When I was offered the chance to review the Condor Engineer Bolo, I jumped on it without even thinking twice. For one thing, it’s designed by one of my favorite knife engineers, Joe Flowers, and for another, it’s a Condor product and I’ve never had a single issue with any of their gear.
For those who may not know much about Condor, they are a company whose roots can be traced all the way back to the late 1700’s in Solingen, Germany. Way back then, the company was named Gerb Weyesberg Company and they became famous for making high quality military knives, swords, agricultural tools and household cutlery. In 1964, the company formed Imacasa within Santa Ana, El Salvador and continued to use the high quality, state of the art German equipment. In 2004, Imacasa created its first quality line of knives and other tools that they marketed to North America and European outdoor business. With this new line, Condor was born and has shown no signs of ever slowing down.
When the Engineer Bolo first arrived, I was surprised at the weight I felt when I lifted it up for the first time. My other first impression was that this was a serious chopper that was meant for heavy outdoor clearing tasks. The bolo felt great in my hand and despite its “heft”, it felt like it would make a great one handed chopper with little effort. Out of the box, the bolo had a decent edge on it that would make it functional, but I always like to add my own touch to the blades I work with and within a few minutes, this bolo was ready to bring a jungle to its knees.
The handle itself is made out of beautiful walnut (at least the one I received is) and is sanded down to a smooth finish that is very easy to grip and maintain control over the bolo itself. Three brass rivets hold the handle to the one piece, full tang blade. Each rivet is sanded down so that it is flush with the handle, so all you feel is the walnut handle. Condor was nice enough to include a lanyard hole towards the base of the handle for those of you who would like to use lanyards. Another nice feature is the swell at the base of the handle which will allow the user to chock down on the handle itself and give you added control and power to each swing.
The quality of the blade and steel really stands out when you examine and start using this bolo. Coming in right at fifteen inches, you have a lot of “sharp edge” that you can put to work on heavy tasks. The steel used is Condor’s typical 1075 High Carbon which is not only easy to sharpen, but also holds an edge well. Blade thickness is a meaty 3/16 inch, which adds to the overall chopping power behind each swing. The Engineer Bolo comes with Condor’s own Classic Finish, which gives you a hammered texture on the top half of the blade, with a smooth polished finish all the way to the cutting edge. The only drawback I found with 1075 High Carbon is that if you’re not careful and get some moisture on the metal, it will rust in no time flat. I learned early on that you want to clean and keep your 1075 blades clean and dry when you’re done with your chopping chores.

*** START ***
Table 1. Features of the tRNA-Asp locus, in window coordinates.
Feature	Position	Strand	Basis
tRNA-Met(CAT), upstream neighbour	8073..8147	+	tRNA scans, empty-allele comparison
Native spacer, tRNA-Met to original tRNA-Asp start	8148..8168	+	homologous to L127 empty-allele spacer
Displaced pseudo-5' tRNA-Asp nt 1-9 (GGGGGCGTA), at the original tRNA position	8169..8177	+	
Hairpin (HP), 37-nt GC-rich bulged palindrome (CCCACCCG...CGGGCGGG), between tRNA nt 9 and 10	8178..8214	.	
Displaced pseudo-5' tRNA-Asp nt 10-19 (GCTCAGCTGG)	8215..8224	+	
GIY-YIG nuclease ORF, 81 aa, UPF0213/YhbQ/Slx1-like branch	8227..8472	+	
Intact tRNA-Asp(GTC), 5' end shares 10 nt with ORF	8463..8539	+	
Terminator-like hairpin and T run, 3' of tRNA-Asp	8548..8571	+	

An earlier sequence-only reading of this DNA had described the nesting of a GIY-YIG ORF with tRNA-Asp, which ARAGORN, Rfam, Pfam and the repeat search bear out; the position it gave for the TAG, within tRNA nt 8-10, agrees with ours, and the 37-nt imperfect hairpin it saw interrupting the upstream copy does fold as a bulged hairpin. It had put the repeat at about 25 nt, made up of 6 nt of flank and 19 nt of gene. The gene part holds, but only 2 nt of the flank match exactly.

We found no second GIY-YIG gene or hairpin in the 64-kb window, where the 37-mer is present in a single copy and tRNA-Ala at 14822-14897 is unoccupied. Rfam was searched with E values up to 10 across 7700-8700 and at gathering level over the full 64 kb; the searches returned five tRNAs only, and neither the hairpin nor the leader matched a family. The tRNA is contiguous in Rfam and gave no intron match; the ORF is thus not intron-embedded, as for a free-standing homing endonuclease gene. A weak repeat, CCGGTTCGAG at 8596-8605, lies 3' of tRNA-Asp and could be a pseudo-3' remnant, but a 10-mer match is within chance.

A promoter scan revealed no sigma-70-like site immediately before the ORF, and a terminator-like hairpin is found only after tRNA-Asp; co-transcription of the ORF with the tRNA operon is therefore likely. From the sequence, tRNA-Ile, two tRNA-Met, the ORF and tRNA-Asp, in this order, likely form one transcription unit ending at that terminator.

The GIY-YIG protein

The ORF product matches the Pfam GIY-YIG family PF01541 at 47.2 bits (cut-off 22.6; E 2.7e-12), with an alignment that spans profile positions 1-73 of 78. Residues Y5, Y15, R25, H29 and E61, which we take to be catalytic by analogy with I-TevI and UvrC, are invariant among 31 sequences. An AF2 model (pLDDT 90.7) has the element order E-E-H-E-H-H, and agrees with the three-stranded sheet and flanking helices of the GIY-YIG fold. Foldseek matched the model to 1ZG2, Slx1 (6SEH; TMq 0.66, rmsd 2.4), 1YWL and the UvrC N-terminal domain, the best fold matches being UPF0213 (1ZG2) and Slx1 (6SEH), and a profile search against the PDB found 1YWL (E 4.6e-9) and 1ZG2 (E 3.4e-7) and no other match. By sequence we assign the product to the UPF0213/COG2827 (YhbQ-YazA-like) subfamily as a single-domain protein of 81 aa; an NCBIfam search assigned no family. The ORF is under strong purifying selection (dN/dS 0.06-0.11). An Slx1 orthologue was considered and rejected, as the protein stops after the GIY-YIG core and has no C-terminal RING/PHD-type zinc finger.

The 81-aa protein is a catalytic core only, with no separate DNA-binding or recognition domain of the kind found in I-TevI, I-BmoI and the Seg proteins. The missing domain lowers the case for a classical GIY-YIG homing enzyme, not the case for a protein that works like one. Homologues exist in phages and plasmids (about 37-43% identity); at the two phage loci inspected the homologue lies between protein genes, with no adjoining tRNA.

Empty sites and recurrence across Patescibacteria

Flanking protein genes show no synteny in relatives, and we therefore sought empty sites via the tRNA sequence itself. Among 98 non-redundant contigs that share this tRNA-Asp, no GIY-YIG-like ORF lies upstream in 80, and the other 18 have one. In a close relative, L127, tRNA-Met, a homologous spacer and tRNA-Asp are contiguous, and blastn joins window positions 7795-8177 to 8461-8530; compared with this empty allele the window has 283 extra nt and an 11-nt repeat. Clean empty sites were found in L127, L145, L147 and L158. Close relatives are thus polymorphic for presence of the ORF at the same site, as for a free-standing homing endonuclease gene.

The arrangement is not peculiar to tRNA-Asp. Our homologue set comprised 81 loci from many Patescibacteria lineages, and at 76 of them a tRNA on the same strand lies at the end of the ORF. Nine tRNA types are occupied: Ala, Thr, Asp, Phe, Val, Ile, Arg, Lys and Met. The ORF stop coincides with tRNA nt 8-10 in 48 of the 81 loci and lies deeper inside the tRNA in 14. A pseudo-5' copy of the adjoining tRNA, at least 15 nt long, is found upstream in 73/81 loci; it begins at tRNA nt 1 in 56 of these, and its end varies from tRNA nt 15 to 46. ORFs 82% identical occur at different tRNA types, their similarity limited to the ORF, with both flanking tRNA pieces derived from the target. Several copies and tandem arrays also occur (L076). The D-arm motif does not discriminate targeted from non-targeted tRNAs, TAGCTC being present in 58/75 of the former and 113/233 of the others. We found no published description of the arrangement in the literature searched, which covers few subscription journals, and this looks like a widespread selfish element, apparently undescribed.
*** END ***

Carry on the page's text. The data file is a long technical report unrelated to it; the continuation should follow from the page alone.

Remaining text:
As with every edged Condor product, you get a very high quality, hand crafted leather sheath and the same holds true for the Engineer Bolo. The sheath looks great and will cause some heads to turn when folks see this beast hanging from your belt. Speaking of hanging from your belt, this sheath some with a swiveling belt loop and works great! I took the Engineer bolo out for a hike a little while back and the swivel belt loop helped keep the handle always facing up and ready for deployment. Two solid button snaps keep the sheath closed when the bolo is not in use and holds the blade in place easily. You won’t have to worry about anything falling out when you’re working your way to the job site.
I used the Engineer Bolo on a couple of trips I made this fall. I had the chance to try it out on downed locusts and even destroyed an Ent grove. I found that the balance was especially good and that the bolo was easy to swing and bit deep into the wood. While heavy for use as a general machete it excelled on thicker vines and on green and dried wood. I found that its suitable for many light axe chores and has the added bonus of working as a kindling processor and a draw knife as well.
All-in-all, I have to give the Condor Engineer Bolo very high marks on every level. The thing to remember is that this is a major workhorse is the Condor lineup and should really be considered an axe and machete combo. If you keep this guy dry after working with it and sharp when it becomes dull, you should have this great tool for a very long time. You can find the Condor Engineer Bolo for around $43 and change. If you have a big brush clearing chore ahead of you and want something that will last a long time, check out the Condor Engineer Bolo today.
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